Protein – How much is too much?

Protein is essential for life – it’s a building block of every human cell and is involved in the vital
biochemical functions of the human body. It’s particularly important in growth, development, and tissue
repair. Protein is one of the three major “macronutrients” (along with carbohydrates and fat).

Fast facts on protein:
• Protein is important for growth and repair of body cells.
• Food sources of protein include meat, fish, dairy products, lentils, beans, dry fruits and tofu.
• A well-balanced diet with a variety of foods can provide enough protein for the body’s needs.
• Insufficient protein can lead to low growth and a weakened immune system.
• Excess protein may lead to weight gain and liver problems.

How much do we need?
People can aim to consume a certain amount of protein to obtain maximum protein use, muscle
generation, and recovery every time they eat.

According to ICMR, for adults the recommended intake of protein has been calculated at 1.0 gram per
kilogram of weight per day. The protein requirement has been calculated at average male weight of
60kg and female weight of 55kg. If a man weighs 60kg and a woman weighs 55kg then the protein
requirement will be 60 grams and 55 grams per day. For pregnant women an additional 23grams is
recommended which makes it 78 grams per day. Nursing mothers require additional protein of 19 grams
when the baby is between 0-6months old which is 74 grams per day and when the baby is between 6 to
12 months mother will require 13 additional grams of protein which comes to 68 grams per day.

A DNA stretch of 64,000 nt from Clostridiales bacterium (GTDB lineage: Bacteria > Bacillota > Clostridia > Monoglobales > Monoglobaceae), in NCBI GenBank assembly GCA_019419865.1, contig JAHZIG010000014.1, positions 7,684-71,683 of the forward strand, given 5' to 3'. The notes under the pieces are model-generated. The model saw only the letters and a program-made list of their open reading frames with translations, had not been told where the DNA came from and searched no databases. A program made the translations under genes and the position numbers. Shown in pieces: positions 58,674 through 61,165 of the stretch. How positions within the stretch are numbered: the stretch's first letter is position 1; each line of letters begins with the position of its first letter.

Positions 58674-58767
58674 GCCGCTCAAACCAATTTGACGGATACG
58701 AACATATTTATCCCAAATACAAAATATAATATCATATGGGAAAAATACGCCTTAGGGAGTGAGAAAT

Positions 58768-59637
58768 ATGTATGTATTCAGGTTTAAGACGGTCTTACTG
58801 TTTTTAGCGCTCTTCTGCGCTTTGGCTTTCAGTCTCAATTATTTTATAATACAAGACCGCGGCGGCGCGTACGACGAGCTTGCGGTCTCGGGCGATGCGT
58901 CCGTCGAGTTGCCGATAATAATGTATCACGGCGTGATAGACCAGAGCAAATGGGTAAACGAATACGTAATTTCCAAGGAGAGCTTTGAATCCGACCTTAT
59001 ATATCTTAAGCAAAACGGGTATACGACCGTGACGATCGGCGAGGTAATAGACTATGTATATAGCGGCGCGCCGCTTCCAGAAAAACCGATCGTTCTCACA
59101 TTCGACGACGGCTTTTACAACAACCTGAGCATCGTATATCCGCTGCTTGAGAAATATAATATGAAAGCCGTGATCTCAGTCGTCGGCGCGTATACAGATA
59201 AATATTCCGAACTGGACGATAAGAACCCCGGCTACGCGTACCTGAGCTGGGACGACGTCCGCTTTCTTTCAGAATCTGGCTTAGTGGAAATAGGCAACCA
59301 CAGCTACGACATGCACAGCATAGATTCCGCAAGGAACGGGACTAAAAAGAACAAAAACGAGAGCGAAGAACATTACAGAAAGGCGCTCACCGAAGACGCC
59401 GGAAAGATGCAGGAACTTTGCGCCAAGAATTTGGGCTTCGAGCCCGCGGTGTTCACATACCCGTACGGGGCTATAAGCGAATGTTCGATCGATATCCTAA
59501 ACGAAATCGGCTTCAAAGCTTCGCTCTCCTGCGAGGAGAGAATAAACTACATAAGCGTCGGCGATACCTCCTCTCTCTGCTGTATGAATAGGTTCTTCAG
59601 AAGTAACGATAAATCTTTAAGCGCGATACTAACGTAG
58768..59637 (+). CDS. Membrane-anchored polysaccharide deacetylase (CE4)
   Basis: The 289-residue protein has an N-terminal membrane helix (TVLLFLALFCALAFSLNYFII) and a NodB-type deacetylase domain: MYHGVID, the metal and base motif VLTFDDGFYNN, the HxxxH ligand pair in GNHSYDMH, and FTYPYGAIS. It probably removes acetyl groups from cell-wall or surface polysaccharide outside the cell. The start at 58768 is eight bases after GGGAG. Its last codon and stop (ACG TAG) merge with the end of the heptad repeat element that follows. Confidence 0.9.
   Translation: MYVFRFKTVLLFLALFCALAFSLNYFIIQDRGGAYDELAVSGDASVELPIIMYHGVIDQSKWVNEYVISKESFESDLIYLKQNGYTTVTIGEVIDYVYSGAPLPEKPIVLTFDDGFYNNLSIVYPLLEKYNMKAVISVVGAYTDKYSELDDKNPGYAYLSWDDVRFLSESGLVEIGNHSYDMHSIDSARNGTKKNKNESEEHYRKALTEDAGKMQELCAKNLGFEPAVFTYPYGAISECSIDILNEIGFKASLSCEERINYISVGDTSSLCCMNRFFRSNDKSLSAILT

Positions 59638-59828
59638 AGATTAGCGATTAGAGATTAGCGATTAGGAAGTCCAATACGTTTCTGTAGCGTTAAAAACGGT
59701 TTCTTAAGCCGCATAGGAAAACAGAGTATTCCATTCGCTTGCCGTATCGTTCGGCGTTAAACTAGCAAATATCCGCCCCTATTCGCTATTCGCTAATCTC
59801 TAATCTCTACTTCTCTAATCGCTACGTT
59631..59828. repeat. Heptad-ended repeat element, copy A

For all ages the ICMR has based their protein values for Indians on per kg of standards weight. Currently
the recommended safe intake of protein according to Indian diet during 0-18 years in infants, children
and adolescence is calculated based on requirement for growth as well as maintenance. The values for
boys and girls are similar up to the age of 10 years. The safe level of protein intake for girls between the
ages of 11 and 18 is1.15 grams to 1.05 grams per kg of weight and the requirement reduces by 0.01gram
at every increase of one year of age. For boys at the same age it is 1.16 to 1.09 gram of protein
requirement per kg of weight

Endurance athletes may need from 1.0 to 1.6 g per kg of body weight, depending on the intensity of
Recommendations for strength training or power athletes range from 1.6 to 2.0 g per kg of body weight.
It is not clear exactly how it will affect a person if they consume more than this, since the effect on longterm health and disease risk depends on the type of protein.

Can too much protein be harmful?
Access of anything is harmful, Protein is no different in this regard.
For example, people that eat very high protein diets have a higher risk of kidney stones. Also, a high
protein diet that contains lots of red meat and higher amounts of saturated fat might lead to a higher
risk of heart disease and colon cancer, while another high protein diet rich in plant-based proteins may
not carry similar risks.

So, when it comes to protein, how much is too much?
It is not clear exactly how it will affect a person if they consume more than this, since the effect on longterm health and disease risk depends on the type of protein.

It’s hard to provide a specific answer since so much is still uncertain and the experts themselves don’t
agree. However, for the average person (who is not an elite athlete or heavily involved in body building)
it’s probably best to aim for no more than 2 gm/kg; that would be about 124 grams/day for a 62-kg
person. New information could change our thinking about the maximum safe amount, but until we
know more about the safety, risks and benefits of high protein diets, this seems like a reasonable

Protein is an essential macronutrient, but not all food sources of protein are created equal, and you may
not need as much as you think. Learn the basics about protein and shaping your diet with healthy
protein foods.